Anyone use one? Does it do a good job of evening out the tuning?

I know it's only $70, but if it's not going to be any different than the Korg, it's $70 I can keep in my wallet.


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 cnev
(@cnev)
Famed Member
Joined: 18 years ago
Posts: 4478
 

Rusted something doesn't make sense. There is another thread on a Buzz Freiten equal temperment tuning but that requires modifications to the guitar in order to get that tuning.

Without doing that how is a Strobe tuner going to get you there?

Just curious I may just be ignorant.

"It's all about stickin it to the man!"
It's a long way to the top if you want to rock n roll!


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(@trguitar)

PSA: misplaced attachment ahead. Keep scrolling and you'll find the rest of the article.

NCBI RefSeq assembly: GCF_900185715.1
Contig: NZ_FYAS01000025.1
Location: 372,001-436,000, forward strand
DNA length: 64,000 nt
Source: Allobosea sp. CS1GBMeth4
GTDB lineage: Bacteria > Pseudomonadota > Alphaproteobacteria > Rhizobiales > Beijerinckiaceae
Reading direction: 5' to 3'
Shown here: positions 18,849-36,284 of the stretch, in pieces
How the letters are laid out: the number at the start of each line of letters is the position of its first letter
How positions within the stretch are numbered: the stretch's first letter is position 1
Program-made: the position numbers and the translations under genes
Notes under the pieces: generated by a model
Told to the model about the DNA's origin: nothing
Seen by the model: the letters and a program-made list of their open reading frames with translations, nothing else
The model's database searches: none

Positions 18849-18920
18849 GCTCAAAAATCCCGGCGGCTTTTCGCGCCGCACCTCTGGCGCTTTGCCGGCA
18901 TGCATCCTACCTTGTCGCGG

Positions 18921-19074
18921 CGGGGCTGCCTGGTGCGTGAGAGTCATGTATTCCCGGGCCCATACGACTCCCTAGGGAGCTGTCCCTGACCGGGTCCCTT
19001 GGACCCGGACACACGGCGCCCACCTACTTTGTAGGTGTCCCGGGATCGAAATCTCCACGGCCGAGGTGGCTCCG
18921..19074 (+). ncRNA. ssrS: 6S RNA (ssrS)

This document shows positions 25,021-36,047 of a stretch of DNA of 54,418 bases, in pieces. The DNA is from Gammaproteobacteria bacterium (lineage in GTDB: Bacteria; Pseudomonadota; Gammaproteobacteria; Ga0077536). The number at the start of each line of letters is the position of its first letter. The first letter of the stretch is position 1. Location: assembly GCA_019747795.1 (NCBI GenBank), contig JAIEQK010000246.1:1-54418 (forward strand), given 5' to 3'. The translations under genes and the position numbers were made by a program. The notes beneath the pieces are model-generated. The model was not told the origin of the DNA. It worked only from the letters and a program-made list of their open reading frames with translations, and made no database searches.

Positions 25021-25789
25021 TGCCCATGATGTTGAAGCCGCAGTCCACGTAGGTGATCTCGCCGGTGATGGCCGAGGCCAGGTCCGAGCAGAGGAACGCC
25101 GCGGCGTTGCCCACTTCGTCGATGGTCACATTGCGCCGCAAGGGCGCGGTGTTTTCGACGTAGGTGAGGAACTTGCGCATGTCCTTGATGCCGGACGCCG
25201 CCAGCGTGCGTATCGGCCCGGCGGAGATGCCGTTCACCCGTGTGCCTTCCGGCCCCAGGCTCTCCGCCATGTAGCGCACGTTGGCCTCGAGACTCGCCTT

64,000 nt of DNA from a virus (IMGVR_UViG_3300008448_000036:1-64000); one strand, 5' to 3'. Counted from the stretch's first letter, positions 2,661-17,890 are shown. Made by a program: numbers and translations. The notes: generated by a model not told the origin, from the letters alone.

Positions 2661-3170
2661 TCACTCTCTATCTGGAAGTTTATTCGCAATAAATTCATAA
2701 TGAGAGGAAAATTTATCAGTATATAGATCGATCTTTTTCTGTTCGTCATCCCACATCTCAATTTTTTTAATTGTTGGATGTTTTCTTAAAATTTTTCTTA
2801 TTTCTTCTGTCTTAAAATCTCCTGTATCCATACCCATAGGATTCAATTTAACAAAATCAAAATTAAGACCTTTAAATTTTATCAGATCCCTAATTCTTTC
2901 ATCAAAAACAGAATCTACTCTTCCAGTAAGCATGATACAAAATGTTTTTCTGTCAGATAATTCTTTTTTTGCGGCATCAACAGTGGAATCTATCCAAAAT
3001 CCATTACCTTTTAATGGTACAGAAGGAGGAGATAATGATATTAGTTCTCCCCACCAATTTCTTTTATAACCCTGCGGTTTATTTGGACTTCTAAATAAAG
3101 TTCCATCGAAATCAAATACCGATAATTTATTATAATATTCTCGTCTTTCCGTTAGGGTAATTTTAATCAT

Famed Member
Joined: 15 years ago
Posts: 3711
 

I'm far from an expert on this ...... matter of fact as stated in another thread I don't even care, but here is how I understand it. The way a guitar is designed,if you tune it to pitch on the open strings, the fretted strings will not be right on the pitch they are supposed to be. Some people (a friend of mine used to do this) tune their guitar less than perfect open so the fretted notes will be more in tune. It is a compromise to make play on the upper middle frets more in tune. The Buzz Feiten system uses a compensated nut to achieve this so it's less of a compromise and more in tune at both positions. Like I said, I don't really know alot about it as it doesn't interest me but this is how i understand it.

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(@apache)
Reputable Member
Joined: 12 years ago
Posts: 301